Officials are now recommending couples take vows and have witnesses present at their marriage registration to make the occasion “more ceremonial”.
A statement jointly issued by the Ministry of Civil Affairs and the All-China Women’s Federation introduced new registration guidelines, which ranged from bringing vows to having government officials present.
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The aim is to create a “solemn and sacred ceremony, [where] the parties can realize and remember the responsibility of the marriage and family.”
The policies come as China, where the family unit holds major cultural significance, experiences declining marriage rates and rising rates of divorce.
The guidelines aren’t set in stone, but they are highly recommended by authorities. The government wants to “carry forward the excellent culture of Chinese families” and help maintain happy marriages. Pre-marital counseling, uncommon in China, is also mentioned in the new guidelines.
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Opinions online are divided over the issue. Some users supported the move. One Weibo user said “What’s the big deal? You’re getting married anyway! Doesn’t the inclusion of a ceremony make it a happy event?”
Other netizens commented that it isn’t the government’s place to interfere with people’s marriages, and that the formalization of the ceremony would not have any effect on the outcome of the marriage.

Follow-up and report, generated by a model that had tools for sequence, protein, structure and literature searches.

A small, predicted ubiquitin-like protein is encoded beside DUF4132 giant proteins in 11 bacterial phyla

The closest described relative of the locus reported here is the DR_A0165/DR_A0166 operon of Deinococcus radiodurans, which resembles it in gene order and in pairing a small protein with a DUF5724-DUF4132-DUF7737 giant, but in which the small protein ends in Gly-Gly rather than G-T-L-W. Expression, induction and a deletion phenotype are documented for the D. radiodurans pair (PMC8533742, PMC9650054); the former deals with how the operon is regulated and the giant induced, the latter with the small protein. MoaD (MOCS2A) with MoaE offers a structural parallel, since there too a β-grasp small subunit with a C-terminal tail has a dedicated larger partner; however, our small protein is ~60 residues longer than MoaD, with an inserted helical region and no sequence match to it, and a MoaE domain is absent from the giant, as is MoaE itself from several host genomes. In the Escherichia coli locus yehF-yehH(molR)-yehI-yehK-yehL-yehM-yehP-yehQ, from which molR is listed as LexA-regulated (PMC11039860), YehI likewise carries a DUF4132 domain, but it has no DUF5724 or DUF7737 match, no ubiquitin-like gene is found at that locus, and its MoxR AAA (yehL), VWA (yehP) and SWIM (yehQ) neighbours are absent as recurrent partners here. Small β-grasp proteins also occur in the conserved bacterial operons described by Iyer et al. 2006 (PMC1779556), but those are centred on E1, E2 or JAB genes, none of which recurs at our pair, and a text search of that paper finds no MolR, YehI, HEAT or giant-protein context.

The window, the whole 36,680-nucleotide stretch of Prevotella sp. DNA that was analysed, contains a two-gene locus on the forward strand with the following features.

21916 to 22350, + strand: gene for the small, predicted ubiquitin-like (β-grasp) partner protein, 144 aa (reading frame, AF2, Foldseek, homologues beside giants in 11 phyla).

On the website Zhihu, one user commented “there are various reasons for the high divorce rate! It can’t be solved by enhancing the feeling of ceremony!”
Another user sarcastically critiqued the proposed measure of having an ‘official’ stand witness, “if he has an official position and achievements in a certain field, will that make my certification more sacred?”
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This isn’t the first step the government has taken to “strengthen” families. The new guidelines come hot on the heels of a civil code passed by the government in May, which enforced a 30 day ‘cooling-off period’ for a mutual divorce, hoping that couples would use the time to rethink. 4.15 million couples filed for divorce last year, and authorities are eager to reduce that number.
That civil code didn’t come without controversy, either — many women expressed their anger online, calling it a step backwards for women’s rights in China, and a “betrayal of the PRC’s marriage law” (which allowed a woman to get a divorce even if her husband disagreed).
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